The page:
During my teen years, I would head to the public library to
check out back issues of SEVENTEEN magazine.
I rarely made eye contact with one particular librarian as she once arched her
eyebrows in my direction, lowered them long enough to view my selections
“Just how old are you?”
She might have called me “missy” but I don’t recall.
I quickly added a birthday and said, “15.”
My eyes would devour every detail of what most teenage age girls considered
the gospel truth.
Some articles were of minor interest to me and others I didn’t comprehend.
I did understand acne and although it wasn’t a major problem, a brief article
about this dreaded plight drew my attention.
In the margin with bold type contained the answer to my misery.
“Pimples seldom occur past age 21”.
21 seemed a universe away but it gave me a pursuit.
One day these breakouts would be
game. set. match. over.
Because SEVENTEEN magazine tells the truth.
Until I reached 22 and 25 and now at 49,
I know the falsehood of that bold print statement.
The grains in an hourglass fall through space,
collecting in heaps but their mass cannot bury
all things hard and inconvenient.
I was reminded of this truth in my life this past weekend while attending
the Faith and Culture Writers Conference.
I believe the Father loves me and knows me.
Yet I forget He knows my frame, my desires and my ways.
He knows even after my year of brave, walking into a crowd of
hundreds is not my sweet spot.
He knows I never want to impose or intrude or thrust myself upon
another even if it comes wrapped up in a writing treasure named Deidra.
The One who knows my name and every ounce of my frailty and
tendencies decided to take care of business before the conference
had even begun.
As I was standing in line to check-in to my room, I found myself behind
Cornelia, conference founder extraordinaire.
We embrace and she introduces
me to Phil Long, a stellar poet who wowed us last year.
He exits the lobby to find his room and suddenly there is Deidra Riggs.
Cornelia introduces us, we hug and exchange small talk.
I could tell she was weary from her trek across states and time zones
and she was gracious to ask me more questions than
I ventured to ask in return.
How tender of God to provide an introduction in natural surroundings
because he knows we are both just two travelers
pulling rolling suitcases.
See what I can do, Helen?
It’s not two steaming mugs at a
Starbucks but it will do.
And it did.
The breakouts I deal with at 49 are ones
I clearly thought would be laid to rest by now.
They are contained in a tiny box I check
“Do you want this to be your default mode?”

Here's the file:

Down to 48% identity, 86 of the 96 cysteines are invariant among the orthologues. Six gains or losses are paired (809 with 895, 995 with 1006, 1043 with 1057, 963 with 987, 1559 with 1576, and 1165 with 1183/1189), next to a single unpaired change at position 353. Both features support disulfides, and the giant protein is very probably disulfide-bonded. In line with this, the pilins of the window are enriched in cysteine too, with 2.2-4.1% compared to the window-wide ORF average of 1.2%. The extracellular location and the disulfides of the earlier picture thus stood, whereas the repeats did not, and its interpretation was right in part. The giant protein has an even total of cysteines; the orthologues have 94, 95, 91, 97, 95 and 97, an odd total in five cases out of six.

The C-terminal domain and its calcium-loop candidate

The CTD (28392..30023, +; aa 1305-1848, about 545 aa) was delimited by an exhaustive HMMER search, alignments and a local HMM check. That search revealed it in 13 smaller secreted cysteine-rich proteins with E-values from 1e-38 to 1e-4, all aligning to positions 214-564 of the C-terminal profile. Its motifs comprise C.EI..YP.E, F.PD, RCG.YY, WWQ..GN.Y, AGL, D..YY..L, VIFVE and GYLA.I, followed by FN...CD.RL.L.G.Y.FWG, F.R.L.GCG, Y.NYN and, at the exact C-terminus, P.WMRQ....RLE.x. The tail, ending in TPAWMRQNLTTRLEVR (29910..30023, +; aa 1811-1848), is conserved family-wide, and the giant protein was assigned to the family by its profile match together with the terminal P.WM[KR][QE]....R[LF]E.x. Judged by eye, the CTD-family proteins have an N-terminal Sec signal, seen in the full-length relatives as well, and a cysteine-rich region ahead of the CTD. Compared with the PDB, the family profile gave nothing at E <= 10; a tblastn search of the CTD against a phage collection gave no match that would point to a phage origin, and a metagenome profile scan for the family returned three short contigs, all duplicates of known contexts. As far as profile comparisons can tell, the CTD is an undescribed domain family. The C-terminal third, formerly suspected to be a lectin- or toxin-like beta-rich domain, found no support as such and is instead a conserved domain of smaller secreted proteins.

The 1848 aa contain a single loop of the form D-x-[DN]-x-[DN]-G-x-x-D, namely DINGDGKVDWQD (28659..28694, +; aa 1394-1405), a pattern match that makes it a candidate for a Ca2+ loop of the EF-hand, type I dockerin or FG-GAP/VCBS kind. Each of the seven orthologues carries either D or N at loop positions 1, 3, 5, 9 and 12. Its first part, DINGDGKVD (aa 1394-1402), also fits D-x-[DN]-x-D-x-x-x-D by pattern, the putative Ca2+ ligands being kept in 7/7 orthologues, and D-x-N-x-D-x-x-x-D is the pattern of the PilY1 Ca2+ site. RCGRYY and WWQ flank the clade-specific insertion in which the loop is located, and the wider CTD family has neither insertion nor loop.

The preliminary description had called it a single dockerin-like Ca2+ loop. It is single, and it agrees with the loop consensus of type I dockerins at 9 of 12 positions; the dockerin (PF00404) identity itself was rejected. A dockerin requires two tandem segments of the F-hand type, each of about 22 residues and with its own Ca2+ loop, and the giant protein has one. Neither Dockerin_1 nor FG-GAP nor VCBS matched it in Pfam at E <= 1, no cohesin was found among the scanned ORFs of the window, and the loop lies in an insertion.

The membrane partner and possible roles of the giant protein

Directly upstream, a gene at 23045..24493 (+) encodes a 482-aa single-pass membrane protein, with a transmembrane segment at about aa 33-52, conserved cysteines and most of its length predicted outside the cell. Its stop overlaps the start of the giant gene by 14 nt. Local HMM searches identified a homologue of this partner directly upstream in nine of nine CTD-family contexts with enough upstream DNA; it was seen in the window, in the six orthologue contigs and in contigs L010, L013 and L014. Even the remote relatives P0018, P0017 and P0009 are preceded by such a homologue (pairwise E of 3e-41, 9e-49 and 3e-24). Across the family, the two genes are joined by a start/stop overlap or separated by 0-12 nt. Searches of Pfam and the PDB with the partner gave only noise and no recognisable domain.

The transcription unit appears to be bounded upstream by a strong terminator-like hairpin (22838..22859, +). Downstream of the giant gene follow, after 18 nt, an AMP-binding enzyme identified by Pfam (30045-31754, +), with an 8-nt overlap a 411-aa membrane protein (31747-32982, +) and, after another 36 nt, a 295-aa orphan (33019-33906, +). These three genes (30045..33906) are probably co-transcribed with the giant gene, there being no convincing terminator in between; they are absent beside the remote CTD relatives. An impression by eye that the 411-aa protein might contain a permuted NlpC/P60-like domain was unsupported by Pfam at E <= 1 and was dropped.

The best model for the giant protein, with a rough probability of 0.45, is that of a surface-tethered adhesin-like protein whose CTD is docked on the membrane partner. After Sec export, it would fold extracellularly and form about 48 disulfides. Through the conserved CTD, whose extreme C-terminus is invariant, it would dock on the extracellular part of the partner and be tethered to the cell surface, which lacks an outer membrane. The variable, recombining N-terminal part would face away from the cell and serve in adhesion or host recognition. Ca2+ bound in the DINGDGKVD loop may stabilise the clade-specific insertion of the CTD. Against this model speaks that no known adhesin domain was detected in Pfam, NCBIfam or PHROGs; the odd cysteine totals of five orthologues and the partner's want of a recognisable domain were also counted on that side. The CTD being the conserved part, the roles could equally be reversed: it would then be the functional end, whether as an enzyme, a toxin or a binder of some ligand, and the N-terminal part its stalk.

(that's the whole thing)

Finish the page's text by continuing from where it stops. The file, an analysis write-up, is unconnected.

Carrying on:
The box repeats,
I am not enough.
I am different.
I will not be included.
In any setting, I allow my eyes to inspect a room of people
and count how many I would term the life of the party.
My default is to open my trick or treat bag like Charlie Brown
“I got a rock called calm.”
Can I tell you how often I have rejected being calm?
For too long, I have said no thank you to the way God
has carved my soul.
Can I also tell you how often God and other people met me
in the calm this weekend?
Too many times to write in this post.
As I wrote in the beginning, I poured over SEVENTEEN
But I subscribed to ‘Teen magazine.
One day, I decided to write a letter to the editor.
I told him that I had been a subscriber for years and
I was considering canceling my subscription because I could
not follow the hair or make-up advice.
There was no one pictured within the magazine covers who bore
any resemblance to me.
How was I to know what type of make-up to wear when my eyes
were not blue or green and I didn’t have freckles?
I had an afro and not straight hair.
This was my quiet and calm rebellion.
Several issues later there were two African-American
identical twin sisters featured as models in the magazine.
I am confident mine was not the only complaint.
Perhaps it never occurred to them that two models of color
who looked exactly the same was not completely
solving the problem.
It was a step in a better direction but it also provided
me with unexpected instruction.
I will never learn who I am in the pages of a magazine.
I can’t understand beauty by someone else’s standard.
None of us are identical.
I still forget.
I still look at glossy covers and book deals and Facebook likes
as the indicator or final word in worthiness.
God guides me under his wing
and His love displays how I have
mistakenly read the wrong script.
My friend Pam, was to be at the writers conference
and a guest panelist but was unable to attend.
She asked via Instagram if I would consider writing about
This week, I would like to share a collection of
thoughts and quotes from some of the speakers.
You might believe semicolons, plot lines and
agents are the only topics at a writers conference.
You might be tempted to take the week off from this
I would encourage you to wander back and see if you might discover
yourself right along with me.
This past weekend
we talked about
faith, life and fears.
We shared tales of
rejection, messes and passions.
We admitted our dreams are good
and the need to be brave in writing
down our stories.
United we witnessed the power in proudly calling ourselves writers.
A book deal doesn’t define calling.
We all need to know who we are.
Won’t you join me this week?